35 Objective 1.2: Protect and promote the historic Dutch John town site by creating a voluntary local historic district that includes the original town site and encourages the retention of the midcentury home design. Encourage the identification, preservation, and protections of unique and special places. Objective 1.3: Development of site specific gateway welcome signs. Gateways will include elements such as signage, landscaping, monuments, special paving, and similar features. A consistent palette of materials and design themes should be developed while allowing for uniqueness at each location. Community Conditions & Trends Dutch John is a unique and beautiful mountain community. Historically, its identity and reputation have been attributable as much to its setting as well to its unique "mid century planned government town" form and characteristic building design and construction. Growth is anticipated for Dutch John and this places a new priority on ensuring that new development is quality development. The vitality of the community, quality of design, creation of great community gathering spaces, design and connectivity of streets and trails, and protection of open spaces will all be increasingly important to protecting the quality of life in Dutch John and ensuring its competitiveness as a world class outdoor recreation community. Dutch John seeks to promote a vital community, with mixed use, compact development in selected places, buildings orientation to streets, compatibility with adjacent uses, and protection of resource areas. During the Charrette planning process, many people expressed support for these policies; however, some cautioned the approval process needs streamlining. What Makes Dutch John, Dutch John? What are the characteristics that make Dutch John? A unique mountain community cherished for its natural and scenic beauty Access to world class fishing, wildlife viewing and hunting A small community quality of life "City Like" but in the country Dutch John also anticipates it will increasingly be a destination for seasonal residents and visitors and the resultant development of vacation homes, tourist accommodations and resort facilities. Longtime residents welcome these changes but are apprehensive about how these changes may affect their lifestyles and the qualities they love about Dutch John. 34 P age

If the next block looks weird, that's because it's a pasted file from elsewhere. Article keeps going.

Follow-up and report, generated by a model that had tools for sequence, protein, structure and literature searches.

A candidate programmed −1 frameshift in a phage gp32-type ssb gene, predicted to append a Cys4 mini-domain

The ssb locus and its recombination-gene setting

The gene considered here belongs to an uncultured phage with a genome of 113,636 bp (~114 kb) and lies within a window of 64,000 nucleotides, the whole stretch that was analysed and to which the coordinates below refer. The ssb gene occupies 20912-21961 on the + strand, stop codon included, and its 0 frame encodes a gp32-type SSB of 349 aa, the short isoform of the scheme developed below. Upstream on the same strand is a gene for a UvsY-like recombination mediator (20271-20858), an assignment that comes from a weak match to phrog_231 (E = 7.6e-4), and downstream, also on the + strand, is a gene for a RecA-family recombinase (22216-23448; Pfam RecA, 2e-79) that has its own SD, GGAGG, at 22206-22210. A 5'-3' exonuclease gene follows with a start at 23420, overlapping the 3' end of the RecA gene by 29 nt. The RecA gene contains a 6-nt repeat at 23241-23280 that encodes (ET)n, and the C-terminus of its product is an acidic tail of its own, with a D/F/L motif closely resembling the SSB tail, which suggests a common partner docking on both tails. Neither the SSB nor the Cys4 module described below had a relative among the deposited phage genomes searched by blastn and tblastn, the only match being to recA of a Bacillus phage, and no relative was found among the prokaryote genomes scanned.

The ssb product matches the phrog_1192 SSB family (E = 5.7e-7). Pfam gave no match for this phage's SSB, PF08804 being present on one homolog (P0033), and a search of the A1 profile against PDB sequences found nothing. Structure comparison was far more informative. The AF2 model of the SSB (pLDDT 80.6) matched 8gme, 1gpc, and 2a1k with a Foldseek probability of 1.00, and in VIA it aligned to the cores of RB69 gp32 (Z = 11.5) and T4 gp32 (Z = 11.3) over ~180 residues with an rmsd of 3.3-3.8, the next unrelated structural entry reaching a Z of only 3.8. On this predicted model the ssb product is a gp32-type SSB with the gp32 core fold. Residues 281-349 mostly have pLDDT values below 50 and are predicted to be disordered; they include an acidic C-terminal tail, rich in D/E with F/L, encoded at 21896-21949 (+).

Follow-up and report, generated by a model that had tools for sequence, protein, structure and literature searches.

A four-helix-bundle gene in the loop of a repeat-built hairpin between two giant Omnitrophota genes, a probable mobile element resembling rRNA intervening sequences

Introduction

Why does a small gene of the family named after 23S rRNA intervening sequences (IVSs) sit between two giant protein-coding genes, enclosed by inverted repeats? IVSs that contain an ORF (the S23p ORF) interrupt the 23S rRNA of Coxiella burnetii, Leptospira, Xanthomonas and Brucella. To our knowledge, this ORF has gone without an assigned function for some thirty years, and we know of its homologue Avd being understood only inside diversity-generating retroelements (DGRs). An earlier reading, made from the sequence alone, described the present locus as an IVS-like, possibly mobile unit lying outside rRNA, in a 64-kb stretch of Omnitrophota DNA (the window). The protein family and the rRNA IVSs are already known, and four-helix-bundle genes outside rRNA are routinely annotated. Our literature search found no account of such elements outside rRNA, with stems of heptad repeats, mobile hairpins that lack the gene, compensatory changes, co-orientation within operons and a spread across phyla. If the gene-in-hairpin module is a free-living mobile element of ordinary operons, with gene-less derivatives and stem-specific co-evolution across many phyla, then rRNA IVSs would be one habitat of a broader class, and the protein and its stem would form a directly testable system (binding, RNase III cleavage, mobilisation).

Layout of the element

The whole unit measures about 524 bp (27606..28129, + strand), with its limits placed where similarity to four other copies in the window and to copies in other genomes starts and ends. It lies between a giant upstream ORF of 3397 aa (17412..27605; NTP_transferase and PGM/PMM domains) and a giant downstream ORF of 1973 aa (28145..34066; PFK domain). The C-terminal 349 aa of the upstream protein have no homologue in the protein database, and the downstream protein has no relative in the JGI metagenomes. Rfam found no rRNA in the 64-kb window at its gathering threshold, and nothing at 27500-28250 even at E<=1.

36 The dramatic landforms in and around Dutch John have shaped its settlement pattern. They also provide a key part of the special quality and positive visual experience. When asked about the characteristics that make Dutch John, citizens and visitors alike frequently mention the following attributes: The enjoyment of a diversity of recreational activities and access to world class fishing and hunting. Wilderness at the back door; living in harmony with the wilderness and nature is important. Maintaining a sense of small community scale, in balance with accommodating infill and new forms of housing. Preserving a strong sense of community. Mixed Use Districts Dutch John s existing commercial areas are in transition. While retaining their important core function of providing shopping and services, they are also being planned and/or redeveloped for a greater mix of uses and higher level of pedestrian orientation. Each district is briefly discussed on the next page. Elements that are important to consider to build community in Dutch John include: Post Office Currently the Dutch John Post Office is the heart of the community. Civic uses and public spaces Dutch John s Community Hall, Park and other public uses and spaces are essential elements of the community and need to be retained and improved. Housing Dutch John s higher density housing choices should be located to support retailing and a sense of community Boat Parking Parking areas should be located to the side or rear of new development. Landscaping Street trees and landscaping between the sidewalk and front facades/ front entries, will help break down the scale of the street. Employment Districts The BOR and DWR industrial area is Dutch John s general industrial district. In addition the narrow area adjacent to the airport, and storage areas provide small scale sites for light industry. The key design elements for these areas are those that promote compatibility with adjacent uses, setbacks, landscaping, and management of off site impacts. Villages and Clustering During the Plan update process, there was much discussion regarding Dutch John s need for employee housing, housing variety, open space and linked natural areas that complement Dutch John s village character. The key elements of this concept include: a variety of housing a small mixed use center or community focal point located at either the center or edge of the area one or more parks clustered development form that provides open space as a community amenity 35 P age